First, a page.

Cuyahoga Falls -- City Council on Sept. 12 unanimously approved legislation to let the sun shine on the members' pregame huddles.
The players, the Democrat and Republican members of Council, have been meeting prior to Council meetings in political caucuses to discuss issues that need to be tackled in the city and to go over the game plan for that evening's meeting.
Often, the time is used to familiarize new members with meeting practices and procedures including the proper time to make a motion, second a motion or give remarks before a vote.
Councilman Vince Rubino (D-1) said he feels these meetings are a violation of the Ohio Sunshine Law.
Rubino and Carol Klinger (R-At large) cosponsored legislation to remove the words "political caucuses" from exceptions to rules of meeting in public session. Prior to the vote, the section of the codified ordinances read:
"With the exception of political caucuses and executive sessions of municipal bodies all meetings and deliberations of any municipal body upon any official business or leading to official action shall be conducted in meetings open to the public."
Rubino said this was an effort to align the city's ordinances with a July 1 legal opinion of City Law Director Russ Balthis. Citing the Ohio Open Meetings Act, the opinion advises that a political caucus meeting consisting of a majority of City Council members or any of its committees or sub-committees should be open to the public, Rubino said.
"I agree with that concept and feel that eliminating the previous home rule exemption will further assure city council's commitment in favor of openness," Rubino said.
The state Attorney General's Office declined to give the city law department an opinion on private political caucus meetings, Balthis said at a Sept. 6 Council committee meeting. "So we did our own research [and found that] the meetings are not permitted under Ohio Public Record Laws and those laws should apply to the meetings of this Council."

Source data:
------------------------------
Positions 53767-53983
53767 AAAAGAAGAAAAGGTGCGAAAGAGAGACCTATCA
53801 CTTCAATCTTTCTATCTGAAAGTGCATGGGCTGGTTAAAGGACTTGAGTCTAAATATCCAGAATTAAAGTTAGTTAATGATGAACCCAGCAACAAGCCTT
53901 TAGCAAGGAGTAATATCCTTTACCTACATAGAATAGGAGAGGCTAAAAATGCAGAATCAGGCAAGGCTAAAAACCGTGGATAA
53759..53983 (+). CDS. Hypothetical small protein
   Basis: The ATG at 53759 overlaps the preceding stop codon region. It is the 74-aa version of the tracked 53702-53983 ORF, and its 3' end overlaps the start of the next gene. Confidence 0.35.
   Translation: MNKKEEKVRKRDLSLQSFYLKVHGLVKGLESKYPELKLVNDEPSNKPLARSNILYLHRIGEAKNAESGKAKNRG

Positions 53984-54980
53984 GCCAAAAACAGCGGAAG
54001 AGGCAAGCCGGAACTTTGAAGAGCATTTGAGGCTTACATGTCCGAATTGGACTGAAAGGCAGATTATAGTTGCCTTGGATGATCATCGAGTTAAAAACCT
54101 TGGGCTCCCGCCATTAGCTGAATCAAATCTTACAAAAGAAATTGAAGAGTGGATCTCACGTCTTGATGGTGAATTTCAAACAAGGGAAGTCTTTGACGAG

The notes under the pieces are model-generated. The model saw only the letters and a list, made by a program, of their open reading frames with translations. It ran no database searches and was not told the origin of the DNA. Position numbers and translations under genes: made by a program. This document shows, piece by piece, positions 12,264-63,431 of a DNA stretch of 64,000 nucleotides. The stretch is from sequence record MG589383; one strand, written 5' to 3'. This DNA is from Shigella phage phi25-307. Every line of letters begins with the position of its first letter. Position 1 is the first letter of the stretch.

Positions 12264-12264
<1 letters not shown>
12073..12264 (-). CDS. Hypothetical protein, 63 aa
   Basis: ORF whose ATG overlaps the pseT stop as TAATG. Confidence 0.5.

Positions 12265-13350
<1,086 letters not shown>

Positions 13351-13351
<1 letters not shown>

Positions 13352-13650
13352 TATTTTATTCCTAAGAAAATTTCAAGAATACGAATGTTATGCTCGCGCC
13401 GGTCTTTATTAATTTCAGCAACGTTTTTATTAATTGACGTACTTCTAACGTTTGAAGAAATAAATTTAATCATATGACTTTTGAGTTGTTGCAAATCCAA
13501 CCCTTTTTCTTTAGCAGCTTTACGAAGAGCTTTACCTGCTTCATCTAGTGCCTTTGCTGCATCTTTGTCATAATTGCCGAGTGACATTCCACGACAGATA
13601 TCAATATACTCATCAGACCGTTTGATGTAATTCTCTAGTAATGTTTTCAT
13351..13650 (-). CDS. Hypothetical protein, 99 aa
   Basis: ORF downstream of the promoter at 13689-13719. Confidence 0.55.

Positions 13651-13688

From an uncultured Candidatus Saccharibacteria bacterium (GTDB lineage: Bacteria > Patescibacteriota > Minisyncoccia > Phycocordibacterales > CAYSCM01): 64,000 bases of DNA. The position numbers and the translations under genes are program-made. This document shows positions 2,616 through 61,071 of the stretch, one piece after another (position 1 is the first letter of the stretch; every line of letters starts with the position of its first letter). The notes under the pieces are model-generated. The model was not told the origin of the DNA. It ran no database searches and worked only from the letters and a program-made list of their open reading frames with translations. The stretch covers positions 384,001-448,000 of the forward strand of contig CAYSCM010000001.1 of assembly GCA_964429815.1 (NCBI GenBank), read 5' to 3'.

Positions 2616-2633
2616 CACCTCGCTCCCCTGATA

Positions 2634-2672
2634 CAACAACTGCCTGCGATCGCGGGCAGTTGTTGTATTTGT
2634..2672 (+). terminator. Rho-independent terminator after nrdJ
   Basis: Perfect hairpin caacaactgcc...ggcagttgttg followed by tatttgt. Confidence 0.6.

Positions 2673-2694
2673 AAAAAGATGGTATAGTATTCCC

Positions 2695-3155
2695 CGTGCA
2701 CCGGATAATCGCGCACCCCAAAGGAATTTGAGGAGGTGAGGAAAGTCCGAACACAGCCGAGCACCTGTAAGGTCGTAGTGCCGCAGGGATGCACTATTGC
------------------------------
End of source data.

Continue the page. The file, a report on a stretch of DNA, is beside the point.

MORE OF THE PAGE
Klinger called Council's action a "housekeeping issue."
In his legal opinion, Balthis said the Ohio Supreme Court has long blocked attempts to circumvent the Open Meetings Act and has enforced the law upon governing bodies. He cited a 2016 case, White v. King, where the Court ruled group emails can constitute a meeting by public officials.
"The Court has said, 'The statute that exists to shed light on deliberations of public bodies cannot be interpreted in a manner which would result in the public being left in the dark,'" Balthis wrote, citing a 1996 case, State ex rel. Cincinnati Post v. City of Cincinnati.
Rubino said anyone who has been in the hallway outside of council chambers in the Natatorium over the years may have observed that there are rooms labeled the Lincoln Room and the Jefferson Room.
"Traditionally, the respective political party caucuses have been held in those rooms," he said. "It may be time to turn the page." Rubino said he believes members of Council can work together to "create a more open identity that is less about partisan politics and more about effectively governing the city."
When the Republicans took control of City Council in January 2014 after eight years under Democratic control, Rubino proposed caucuses not be attended by a majority of either council or committee members. At the beginning of that year, Republicans began having one person sit out during caucus so there would not be a majority in the room.